The Hiring Manager Interviews: AIG American General CIO Jeff Carlson Advises Candidates to Study Hard and Ask Smart Questions

Conversations with IT managers on how they hire the best.

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I guess this used to be a lot easier, didn't it? You would just read Dress for Success and keep it simple. Today, with our business-casual workplace, answering this question may be a bit more complicated. At AIG American General, we have a business-casual dress environment and don't worry much about a standard dress code. People feel equally comfortable wearing slacks and golf shirts or a suit and tie. I recommend that if a candidate has any doubt, ask the recruiter what would be considered appropriate. I have found that it usually is better to overdress than underdress. I also think it is best to stay relatively conservative. I do not remember the last time we hired anyone because they had a flair with clothes. Wait until after you get the job to demonstrate your fashion sense.

What advice would you give to someone interviewing with a CIO?

Two things. First, prepare. Learn as much as you can about the organization in advance. This demonstrates your commitment and interest, and it will usually serve as the source for good questions. It is pretty easy to determine the candidates who have taken the time to understand the company and have thought about how they may fit into the organization. Second, ask the CIO about his or her top agenda items and priorities. This will help you understand what drives the organization and how IT fits into the overall company. It also gives you a sense of what the CIO feels is most important.

Do you have any pet peeves during an interview?

Candidates who have not taken the time to craft any thoughtful questions and who appear to be going through the motions. It demonstrates a lack of interest on their part and a lack of recognition about the potential for gathering as much information as possible about a prospective employer. Also, anybody looking at their cell phone or BlackBerry during the course of the conversation would be a big pet peeve.

Has a job seeker ever gotten through to you on the phone to inquire about a position?

Yes. I get those kinds of calls most often when a job seeker has started with our chief executive officer. From time to time, either because of a relationship the job seeker may have or uncertainty on the part of an executive's assistant, the job seeker will be directed to me. It doesn't happen too often, and frankly, it doesn't put me off too much. It's pretty easy to handle and to say "the best thing is to send me your résumé and a cover letter." As soon as I get those calls, I very quickly ask them to send me something, rather than having a conversation. I usually try to acknowledge those résumés, even if there are no opportunities or the person is not a good fit.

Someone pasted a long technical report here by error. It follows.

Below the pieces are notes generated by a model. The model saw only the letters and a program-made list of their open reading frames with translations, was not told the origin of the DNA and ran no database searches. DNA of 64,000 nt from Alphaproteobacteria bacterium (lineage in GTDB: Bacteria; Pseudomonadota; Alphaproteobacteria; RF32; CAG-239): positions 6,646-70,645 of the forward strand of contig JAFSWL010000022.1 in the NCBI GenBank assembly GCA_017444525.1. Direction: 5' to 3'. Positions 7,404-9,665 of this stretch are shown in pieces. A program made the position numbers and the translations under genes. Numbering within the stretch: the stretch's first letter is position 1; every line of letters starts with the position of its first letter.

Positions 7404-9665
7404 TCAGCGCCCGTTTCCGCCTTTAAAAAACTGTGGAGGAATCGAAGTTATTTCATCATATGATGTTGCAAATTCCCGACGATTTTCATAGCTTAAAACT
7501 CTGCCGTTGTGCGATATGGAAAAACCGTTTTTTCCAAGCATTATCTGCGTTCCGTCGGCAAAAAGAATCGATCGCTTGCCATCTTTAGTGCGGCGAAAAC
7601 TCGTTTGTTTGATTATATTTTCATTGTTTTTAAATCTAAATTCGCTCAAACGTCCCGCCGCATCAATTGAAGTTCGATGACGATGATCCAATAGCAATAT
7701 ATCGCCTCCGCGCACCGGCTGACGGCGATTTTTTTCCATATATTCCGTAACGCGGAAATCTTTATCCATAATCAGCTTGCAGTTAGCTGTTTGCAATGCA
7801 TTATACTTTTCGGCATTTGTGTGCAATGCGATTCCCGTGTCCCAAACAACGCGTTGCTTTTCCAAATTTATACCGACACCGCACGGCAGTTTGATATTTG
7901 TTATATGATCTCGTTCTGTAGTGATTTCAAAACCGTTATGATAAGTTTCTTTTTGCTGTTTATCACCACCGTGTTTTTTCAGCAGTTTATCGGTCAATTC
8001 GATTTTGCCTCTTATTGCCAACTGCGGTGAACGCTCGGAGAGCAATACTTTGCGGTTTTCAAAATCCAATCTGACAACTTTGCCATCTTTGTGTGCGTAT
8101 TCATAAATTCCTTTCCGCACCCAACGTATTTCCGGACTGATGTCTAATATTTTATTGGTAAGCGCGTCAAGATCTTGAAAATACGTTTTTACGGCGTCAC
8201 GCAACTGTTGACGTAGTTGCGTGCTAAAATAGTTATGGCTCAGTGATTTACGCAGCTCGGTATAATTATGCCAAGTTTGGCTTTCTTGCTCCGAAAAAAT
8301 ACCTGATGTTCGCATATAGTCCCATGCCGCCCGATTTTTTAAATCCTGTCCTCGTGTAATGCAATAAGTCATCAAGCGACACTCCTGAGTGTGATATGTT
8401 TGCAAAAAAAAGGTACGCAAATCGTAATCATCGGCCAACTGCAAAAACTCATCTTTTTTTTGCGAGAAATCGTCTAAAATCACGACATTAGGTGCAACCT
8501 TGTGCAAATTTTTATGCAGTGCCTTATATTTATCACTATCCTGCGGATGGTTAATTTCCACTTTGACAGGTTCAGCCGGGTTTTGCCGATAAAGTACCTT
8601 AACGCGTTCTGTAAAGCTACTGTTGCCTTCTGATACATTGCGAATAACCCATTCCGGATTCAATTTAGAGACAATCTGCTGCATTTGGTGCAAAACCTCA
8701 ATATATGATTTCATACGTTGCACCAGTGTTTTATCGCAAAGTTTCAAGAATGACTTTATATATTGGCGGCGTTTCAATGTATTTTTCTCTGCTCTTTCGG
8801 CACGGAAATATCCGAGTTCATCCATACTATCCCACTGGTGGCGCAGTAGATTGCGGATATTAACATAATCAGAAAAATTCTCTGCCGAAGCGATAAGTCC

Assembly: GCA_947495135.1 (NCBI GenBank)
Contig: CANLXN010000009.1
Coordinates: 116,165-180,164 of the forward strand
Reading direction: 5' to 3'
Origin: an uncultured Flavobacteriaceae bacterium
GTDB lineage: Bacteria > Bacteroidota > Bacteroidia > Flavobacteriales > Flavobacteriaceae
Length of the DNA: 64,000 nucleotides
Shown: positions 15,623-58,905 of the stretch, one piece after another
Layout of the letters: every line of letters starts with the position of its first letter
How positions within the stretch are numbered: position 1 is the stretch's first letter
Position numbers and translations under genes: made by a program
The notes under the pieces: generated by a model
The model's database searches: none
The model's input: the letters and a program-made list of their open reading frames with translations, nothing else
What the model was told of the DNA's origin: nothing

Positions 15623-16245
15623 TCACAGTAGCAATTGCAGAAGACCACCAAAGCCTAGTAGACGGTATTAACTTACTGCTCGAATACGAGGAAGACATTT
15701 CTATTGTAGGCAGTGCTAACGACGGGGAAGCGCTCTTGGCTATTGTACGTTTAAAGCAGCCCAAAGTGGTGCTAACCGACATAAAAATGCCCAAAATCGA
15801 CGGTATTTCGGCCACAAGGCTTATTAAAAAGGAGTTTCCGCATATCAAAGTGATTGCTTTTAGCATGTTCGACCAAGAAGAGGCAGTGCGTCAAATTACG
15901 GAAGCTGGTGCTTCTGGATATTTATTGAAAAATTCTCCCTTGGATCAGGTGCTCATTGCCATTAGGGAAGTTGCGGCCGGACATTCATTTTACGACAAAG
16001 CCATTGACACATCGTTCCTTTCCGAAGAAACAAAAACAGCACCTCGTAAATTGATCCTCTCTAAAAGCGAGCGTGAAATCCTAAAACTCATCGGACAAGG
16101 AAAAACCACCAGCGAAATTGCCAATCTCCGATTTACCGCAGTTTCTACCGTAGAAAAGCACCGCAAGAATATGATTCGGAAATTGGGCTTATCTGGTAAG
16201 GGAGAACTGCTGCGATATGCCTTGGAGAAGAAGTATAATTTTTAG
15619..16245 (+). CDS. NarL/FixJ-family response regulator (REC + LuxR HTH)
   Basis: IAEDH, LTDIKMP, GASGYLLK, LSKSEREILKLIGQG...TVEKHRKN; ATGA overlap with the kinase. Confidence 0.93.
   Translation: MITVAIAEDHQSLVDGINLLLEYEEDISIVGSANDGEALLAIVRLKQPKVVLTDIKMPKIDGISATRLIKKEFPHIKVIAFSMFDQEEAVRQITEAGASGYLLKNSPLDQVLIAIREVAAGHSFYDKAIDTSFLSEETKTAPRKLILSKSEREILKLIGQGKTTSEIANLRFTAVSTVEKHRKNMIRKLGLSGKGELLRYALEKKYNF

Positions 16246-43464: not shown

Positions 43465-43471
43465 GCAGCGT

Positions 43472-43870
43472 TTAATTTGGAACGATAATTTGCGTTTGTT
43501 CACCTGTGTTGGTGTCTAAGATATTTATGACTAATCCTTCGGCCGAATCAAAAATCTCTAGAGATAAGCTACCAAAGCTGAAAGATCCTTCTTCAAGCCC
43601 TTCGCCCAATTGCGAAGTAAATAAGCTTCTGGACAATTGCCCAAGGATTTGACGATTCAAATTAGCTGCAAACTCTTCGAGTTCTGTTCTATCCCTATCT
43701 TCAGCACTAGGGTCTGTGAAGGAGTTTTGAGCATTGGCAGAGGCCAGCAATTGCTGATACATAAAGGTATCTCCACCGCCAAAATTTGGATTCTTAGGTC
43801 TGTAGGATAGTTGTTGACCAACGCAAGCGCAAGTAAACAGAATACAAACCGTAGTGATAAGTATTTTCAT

Have you ever hired somebody based on a letter or résumé they sent directly to you?

Yes, particularly in an industry such as ours where relevant experience about the product and services we deliver is important. Even when we do not have specific positions available, we are always interested in talking with quality candidates. Oftentimes the direct letter and résumé are the best way to make the initial introduction to an organization. The letter should be crisp and highlight what you believe are the key skills or experiences that would be of value to the hiring manager. Even when it does not appear that we have a current opportunity, I do maintain a file of candidates who have reached out in this manner. As opportunities develop, it is one of the sources I often refer to.

If they're quality candidates, would they have a better shot contacting you directly, or should they go through human resources?

With a posted position, it is best to follow the established protocol and go through human resources. For more senior-level positions (people who may be interested in us and don't even know if there's a real opportunity), a call to me might be appropriate. In that regard, what I get most of are people who know other people and were referred to me or the company.

What advice can you offer candidates about their résumés, thank-you notes and cover letters?

Be relevant to the position. Ensure that your communications accurately reflect your experiences and their relation to the role.

Be crisp. Focus on quality, not quantity. I would rather see bullet points, highlighting the top three results achieved in a position, rather than rambling prose with obvious jargon and buzzwords.

I always think thank-you notes are a good idea. From my perspective, doing so in an e-mail is very acceptable, and it makes it easier for me to save in my files for future reference.

If somebody doesn't get a position and they write you a thank-you note, do you ever decide to keep their résumé in the event something in the future comes up?

Most definitely. I have a file of four to five people that we've talked to for various positions over the last couple of years that, if we ever did get an opportunity that was a fit, I'd certainly reach out and ask them if they were still in the market. A thank-you letter is a classy thing to do, and it makes it easy to retain a file. I've noticed that most senior-level candidates do it. Plus, you learn that there's nothing wrong with maintaining a network and keeping your options open.

Jane Howze is managing director and founder of The Alexander Group, an executive search firm based in Houston, Texas.

Did you enjoy this interview? Do you have questions you'd like Jane Howze to ask hiring managers in future interviews? Share your feedback below.

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Copyright © 2007 IDG Communications, Inc.

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